Vases in glazed faïence.

Catalogue of the Egyptian Antiquities at Alnwick Castle, p. 179, and Wilkinson's Ancient Egyptians, Vol. II: p. 142.

“Beautiful god, Men-cheper-Rā, giver of life.” 3 The No. of the B. M. vase is 17,043.

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body of the vase joins the neck it is ornamented with rows of inscribed papyrus flowers and pendants. On the upper part of the flat band which goes round the vase, is inscribed VO · May Ptaḥ open a happy new year for its owner," and ft “May Sechet open a happy new year for its owner.” These vases were probably given as gifts, and they all appear to come from Lower Egypt. The oldest vases known are made of terra-cotta and red earthenware, and are of various shapes and sizes. They were sometimes glazed or painted and varnished, to imitate porphyry, diorite, and variegated stone and glass, and sometimes they were ornamented with floral designs, figures of animals, geometrical patterns, etc., etc. Vases in this material were inscribed, in hieratic or hieroglyphic, with the names and titles of the persons in whose tombs they were found, and sometimes with sepulchral inscriptions. It is not possible, in the absence of inscriptions, to date terra-cotta vases accurately, and all the evidence forthcoming tends to prove that the various kinds of vases which were thought to belong to the XVIIIth or XIXth dynasty belong to the XXIInd or later.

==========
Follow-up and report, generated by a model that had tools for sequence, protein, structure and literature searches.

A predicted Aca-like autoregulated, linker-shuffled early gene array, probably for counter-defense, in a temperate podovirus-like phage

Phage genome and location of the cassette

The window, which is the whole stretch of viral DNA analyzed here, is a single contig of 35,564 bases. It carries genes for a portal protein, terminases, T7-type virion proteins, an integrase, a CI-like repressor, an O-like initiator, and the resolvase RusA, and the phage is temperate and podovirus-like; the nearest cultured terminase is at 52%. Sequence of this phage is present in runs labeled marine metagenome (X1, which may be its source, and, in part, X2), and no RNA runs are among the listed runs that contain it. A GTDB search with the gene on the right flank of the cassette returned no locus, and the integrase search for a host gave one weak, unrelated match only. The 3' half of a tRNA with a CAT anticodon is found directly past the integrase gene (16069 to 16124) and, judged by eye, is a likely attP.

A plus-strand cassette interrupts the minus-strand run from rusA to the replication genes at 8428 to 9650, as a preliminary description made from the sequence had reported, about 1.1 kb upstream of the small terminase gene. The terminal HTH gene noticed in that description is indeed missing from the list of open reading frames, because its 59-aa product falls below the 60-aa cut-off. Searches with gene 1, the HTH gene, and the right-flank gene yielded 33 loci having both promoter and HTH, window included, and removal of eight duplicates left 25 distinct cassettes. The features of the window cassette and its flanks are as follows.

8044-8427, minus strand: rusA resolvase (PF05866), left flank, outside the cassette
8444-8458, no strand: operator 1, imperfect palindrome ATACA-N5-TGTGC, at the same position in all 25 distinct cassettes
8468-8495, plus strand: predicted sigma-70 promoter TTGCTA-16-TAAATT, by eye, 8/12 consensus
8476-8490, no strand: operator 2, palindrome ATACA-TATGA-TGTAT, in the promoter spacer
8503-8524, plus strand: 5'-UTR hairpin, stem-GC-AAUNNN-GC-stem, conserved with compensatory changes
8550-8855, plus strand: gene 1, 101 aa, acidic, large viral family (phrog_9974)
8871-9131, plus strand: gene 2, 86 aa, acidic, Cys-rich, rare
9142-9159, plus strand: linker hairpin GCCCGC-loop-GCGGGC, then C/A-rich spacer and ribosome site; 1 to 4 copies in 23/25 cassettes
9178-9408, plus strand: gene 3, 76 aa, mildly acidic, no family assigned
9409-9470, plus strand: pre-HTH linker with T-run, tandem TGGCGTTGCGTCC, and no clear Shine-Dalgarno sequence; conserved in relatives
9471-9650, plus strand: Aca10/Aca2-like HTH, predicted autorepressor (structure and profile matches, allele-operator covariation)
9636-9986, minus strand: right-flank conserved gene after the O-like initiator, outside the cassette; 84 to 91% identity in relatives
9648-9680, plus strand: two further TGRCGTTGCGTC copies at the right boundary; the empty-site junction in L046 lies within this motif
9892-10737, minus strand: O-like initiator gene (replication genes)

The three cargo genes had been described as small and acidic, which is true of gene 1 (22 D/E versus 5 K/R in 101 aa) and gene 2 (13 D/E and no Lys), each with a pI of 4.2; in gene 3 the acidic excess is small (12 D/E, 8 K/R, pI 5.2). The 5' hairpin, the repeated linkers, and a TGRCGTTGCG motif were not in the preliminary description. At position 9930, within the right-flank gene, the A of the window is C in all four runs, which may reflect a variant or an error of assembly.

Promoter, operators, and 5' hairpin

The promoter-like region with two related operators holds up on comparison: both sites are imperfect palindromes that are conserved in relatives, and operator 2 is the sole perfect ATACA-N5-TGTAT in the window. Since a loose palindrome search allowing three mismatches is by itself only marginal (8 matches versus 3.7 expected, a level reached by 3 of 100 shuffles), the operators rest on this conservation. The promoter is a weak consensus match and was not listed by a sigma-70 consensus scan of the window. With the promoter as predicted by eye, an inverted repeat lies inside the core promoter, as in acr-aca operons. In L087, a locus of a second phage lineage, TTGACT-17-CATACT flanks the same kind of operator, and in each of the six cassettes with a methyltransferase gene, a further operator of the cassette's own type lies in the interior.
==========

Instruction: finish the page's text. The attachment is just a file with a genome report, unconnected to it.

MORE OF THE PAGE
MA'8 maa-hrà, “ object for seeing the

The Egyptian lady, in making her toilette, made use of the following objects : Mirror, in Egyptian far

Sporting un-ḥrå, “ listing up the Egyptian face," or face."

The mirror was made of bronze, and in shape was nearly round (B.M. No. 2728a), or oval (B.M. No. 2733), or oval flattened (B.M. No. 2732), or pear-shaped (B.M. No. 27286). Mirrors were kept in bronze cases or wooden boxes. The handles were made of ivory (B.M. Nos. 22, 830, 2734), wood, bronze, or faïence (B.M. No. 2736), and were usually in the shape of the lotus in flower Wooden handles were inlaid with gold (B.M. No. 2728 a), or were painted with the colours of the lotus plant and flower (B.M. No. 18,179); they


L'. M.

Description of mirrors.

were sometimes square, and sometimes terminated in a hawk's head (B.M. No. 2733), or they were carved in the shape of a figure of Bes (B.M. No. 27286). Bronze handles of mirrors were also made in the shape on the lotus plant and flower, but the flat space where the handle widens out into the flower was ornamented with the head of Hathor in relief (B.M. No. 2728a); they were also made in the form of figures of women, with their arms raised (B.M. Nos. 20,773, 2718a). The mirror was further ornamented by supporting the bronze disk on each side with a pair of uræi (B.M. No. 20,756), or with a hawk of Horus (B.M. No. 2731). The metal of which mirrors are made has been hown to be almost pure copper, a very small percentage of tin and other substances being present. The use of mirrors in Egypt appears to be of great antiquity, but the date of their first appearance is not known exactly. The greater diameter of the mirror varies from three to twelve inches.

Tweezers. Pairs of tweezers, for removing hairs from the head or face, were made of bronze, the ends being, at times, in the form of human hands; they vary in length from about two to six inches.

Hair-pins are usually made of wood, bone, ivory, metal, or alabaster, and vary in length and thickness; the heads are sometimes ornamented with gold and silver bands or heads, and sometimes terminate in the figure of an animal or bird.